2009-07-08 / Editorial

Whether it's a law or not, texting is dangerous

Bee Editorial

It always seemed odd to us that talking on one's cell phone while driving became illegal well before texting. Maybe texting technology wasn't as prominent at the time, but today more people are texting, it seems, than talking — especially teens.

Already at a greater risk for automobile accidents, youths need to realize that teens and texting in a Toyota could be a deadly mix.

It appeared that the New York State Legislature — Assembly and Senate — had a no-brainer on its hands and would pass a bill expanding cell phone law to include texting.

For the Assembly it was, but for the Senate, even measures such as this one appear dead in the water as members of this dysfunctional body cannot agree even on who wields the gavel.

Clearly, legislators can't vote on items if they aren't in session.

So that is that. We already know that we, the citizens, can't do anything to force the Senate to work. Anyone who has tried — the governor and judges included — have been unsuccessful. That leaves us, the average citizens, who understand that texting while driving is a bad idea with or without the legal jargon.

Lately, everyone seems to be saying that we have too much government, so let's try governing ourselves through common sense, at least in this case.

The Town of Amherst was on the right track Monday when it supported Council Members Shelly Schratz and Guy Marlette in their text-free town resolution.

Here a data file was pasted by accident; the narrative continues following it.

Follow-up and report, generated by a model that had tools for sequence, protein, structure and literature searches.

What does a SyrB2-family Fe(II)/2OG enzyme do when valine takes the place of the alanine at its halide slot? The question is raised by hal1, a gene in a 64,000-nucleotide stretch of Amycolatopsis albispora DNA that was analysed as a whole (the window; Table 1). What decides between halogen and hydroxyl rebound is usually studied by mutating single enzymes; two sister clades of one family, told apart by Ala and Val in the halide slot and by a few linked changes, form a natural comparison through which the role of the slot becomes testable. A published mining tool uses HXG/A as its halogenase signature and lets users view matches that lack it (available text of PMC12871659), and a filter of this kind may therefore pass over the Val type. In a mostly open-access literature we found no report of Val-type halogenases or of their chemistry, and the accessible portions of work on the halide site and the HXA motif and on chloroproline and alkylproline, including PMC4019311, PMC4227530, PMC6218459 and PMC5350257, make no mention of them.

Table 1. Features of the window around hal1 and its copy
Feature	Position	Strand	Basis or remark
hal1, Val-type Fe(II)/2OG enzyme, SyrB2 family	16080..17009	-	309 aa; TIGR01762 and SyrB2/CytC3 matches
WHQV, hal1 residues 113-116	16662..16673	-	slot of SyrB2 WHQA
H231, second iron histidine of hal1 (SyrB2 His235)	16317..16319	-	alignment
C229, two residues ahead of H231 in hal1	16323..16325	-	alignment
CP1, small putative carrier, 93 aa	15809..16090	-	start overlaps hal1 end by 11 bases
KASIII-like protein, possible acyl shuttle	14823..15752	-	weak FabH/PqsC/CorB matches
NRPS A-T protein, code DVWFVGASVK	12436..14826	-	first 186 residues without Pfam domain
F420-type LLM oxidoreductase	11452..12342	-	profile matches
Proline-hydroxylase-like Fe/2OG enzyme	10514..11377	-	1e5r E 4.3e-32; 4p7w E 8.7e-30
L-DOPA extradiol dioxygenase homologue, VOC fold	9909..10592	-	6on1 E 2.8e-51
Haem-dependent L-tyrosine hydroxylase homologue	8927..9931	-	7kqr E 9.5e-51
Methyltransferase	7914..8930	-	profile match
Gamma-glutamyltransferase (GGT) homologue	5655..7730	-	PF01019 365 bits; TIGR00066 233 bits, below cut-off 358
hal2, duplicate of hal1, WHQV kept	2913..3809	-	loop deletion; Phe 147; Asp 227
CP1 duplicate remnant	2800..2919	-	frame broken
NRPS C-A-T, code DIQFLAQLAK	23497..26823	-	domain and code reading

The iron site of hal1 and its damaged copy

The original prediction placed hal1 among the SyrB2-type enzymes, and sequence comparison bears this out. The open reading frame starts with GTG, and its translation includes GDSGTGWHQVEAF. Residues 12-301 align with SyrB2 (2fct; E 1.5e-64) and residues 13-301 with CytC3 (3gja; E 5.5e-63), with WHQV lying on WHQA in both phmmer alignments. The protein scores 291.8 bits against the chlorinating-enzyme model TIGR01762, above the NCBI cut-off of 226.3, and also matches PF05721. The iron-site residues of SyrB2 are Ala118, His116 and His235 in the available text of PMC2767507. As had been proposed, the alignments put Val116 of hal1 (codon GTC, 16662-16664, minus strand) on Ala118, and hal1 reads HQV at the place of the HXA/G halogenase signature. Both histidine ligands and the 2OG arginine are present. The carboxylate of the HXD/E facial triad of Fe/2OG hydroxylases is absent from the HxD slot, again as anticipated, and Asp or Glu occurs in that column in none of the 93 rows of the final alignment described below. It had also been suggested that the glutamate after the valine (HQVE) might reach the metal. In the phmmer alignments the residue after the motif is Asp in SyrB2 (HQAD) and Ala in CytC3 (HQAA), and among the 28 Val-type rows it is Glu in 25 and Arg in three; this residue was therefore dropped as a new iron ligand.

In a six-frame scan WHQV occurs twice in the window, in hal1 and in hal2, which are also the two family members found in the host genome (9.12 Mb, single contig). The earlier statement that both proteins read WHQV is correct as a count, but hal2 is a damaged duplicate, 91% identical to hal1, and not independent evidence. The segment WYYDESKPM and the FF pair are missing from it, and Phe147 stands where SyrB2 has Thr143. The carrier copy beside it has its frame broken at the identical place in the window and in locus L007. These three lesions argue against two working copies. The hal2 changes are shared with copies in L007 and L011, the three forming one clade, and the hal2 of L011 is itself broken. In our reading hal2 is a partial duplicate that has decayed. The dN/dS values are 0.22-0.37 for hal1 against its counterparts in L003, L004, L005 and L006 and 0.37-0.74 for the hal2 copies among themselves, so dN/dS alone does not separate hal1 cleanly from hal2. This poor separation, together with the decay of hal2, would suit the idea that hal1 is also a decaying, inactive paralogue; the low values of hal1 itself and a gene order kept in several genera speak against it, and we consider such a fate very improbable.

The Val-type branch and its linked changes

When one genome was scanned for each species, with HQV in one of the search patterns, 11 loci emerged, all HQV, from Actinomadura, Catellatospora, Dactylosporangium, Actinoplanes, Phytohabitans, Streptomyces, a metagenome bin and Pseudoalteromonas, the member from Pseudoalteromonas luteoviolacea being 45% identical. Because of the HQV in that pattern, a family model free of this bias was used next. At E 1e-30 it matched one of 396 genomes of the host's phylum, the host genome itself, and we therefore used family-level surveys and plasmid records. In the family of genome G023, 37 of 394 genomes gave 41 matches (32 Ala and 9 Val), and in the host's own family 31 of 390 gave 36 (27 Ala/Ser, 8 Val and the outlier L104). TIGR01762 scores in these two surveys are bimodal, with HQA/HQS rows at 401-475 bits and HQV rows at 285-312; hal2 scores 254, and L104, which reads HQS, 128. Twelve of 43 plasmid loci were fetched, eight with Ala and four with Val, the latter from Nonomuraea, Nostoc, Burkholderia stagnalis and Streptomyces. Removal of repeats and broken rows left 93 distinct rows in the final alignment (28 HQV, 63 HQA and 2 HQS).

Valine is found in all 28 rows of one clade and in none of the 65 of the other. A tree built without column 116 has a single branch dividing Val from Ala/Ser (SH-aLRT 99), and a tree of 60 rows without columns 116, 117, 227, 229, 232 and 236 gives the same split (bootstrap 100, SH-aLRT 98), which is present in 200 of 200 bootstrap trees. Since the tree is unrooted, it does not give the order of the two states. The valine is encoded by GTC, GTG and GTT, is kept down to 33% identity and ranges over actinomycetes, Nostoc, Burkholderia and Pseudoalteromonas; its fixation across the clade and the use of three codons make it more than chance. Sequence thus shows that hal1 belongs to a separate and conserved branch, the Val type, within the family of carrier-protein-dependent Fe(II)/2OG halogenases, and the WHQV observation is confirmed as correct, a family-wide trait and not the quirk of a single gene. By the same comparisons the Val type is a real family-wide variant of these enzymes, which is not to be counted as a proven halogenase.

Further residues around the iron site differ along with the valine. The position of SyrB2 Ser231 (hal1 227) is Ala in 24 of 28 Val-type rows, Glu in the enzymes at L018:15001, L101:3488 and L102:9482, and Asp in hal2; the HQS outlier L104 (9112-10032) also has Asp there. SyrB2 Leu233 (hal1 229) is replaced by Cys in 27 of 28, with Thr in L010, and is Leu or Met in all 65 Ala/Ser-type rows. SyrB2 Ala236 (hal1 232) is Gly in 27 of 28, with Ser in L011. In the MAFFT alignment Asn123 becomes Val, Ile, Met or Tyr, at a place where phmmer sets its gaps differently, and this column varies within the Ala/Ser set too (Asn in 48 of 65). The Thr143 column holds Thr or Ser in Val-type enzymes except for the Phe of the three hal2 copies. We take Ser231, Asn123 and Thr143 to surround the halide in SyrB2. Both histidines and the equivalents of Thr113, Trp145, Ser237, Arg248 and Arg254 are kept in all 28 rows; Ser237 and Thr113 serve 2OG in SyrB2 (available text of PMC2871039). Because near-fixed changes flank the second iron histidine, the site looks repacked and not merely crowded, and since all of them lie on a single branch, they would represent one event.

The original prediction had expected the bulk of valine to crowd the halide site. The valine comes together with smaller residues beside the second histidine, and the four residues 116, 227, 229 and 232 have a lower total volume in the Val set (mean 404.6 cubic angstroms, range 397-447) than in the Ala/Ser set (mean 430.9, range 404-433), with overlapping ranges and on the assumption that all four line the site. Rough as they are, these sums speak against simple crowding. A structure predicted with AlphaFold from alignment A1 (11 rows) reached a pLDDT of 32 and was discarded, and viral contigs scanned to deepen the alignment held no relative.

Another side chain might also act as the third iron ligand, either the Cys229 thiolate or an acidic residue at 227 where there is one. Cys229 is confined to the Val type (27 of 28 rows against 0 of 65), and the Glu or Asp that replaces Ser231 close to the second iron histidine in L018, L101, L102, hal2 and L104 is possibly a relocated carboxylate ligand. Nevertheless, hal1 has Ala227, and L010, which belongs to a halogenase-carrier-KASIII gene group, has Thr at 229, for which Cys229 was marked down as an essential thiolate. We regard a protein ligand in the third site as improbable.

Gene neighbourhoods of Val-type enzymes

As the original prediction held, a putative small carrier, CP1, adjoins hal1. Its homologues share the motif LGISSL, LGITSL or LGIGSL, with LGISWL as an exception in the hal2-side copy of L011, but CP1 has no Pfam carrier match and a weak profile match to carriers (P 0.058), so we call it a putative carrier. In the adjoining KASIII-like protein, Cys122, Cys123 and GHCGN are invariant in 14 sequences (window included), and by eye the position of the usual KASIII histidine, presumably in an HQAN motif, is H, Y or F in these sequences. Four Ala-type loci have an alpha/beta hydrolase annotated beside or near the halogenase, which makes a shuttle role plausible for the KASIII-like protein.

Town Attorney Tom Jones is still reviewing the matter for legality, but either way it was worth having the discussion and going on record that the town won't wait for Albany to do its work.

We don't need people sitting on boards to tell us that texting while driving is dangerous. Sure, we know teens today are technology wizards. We don't doubt that some can probably text an entire message without looking. But, one, that breaks the "two hands on the wheel" rule, and two, they have to look at a message when it comes back, and that is when they are definitely not paying attention.

Of course, having a texting law on the books gives police officers a tool to write tickets, but it won't do any good when they arrive on a fatal accident caused by texting.

In reality, the state doesn't need a texting law; we need a common sense course.

Don't prove that you are as dumb as those running the Senate right now. They aren't doing their jobs, and by texting while driving, you, too, aren't doing yours as a responsible driver.

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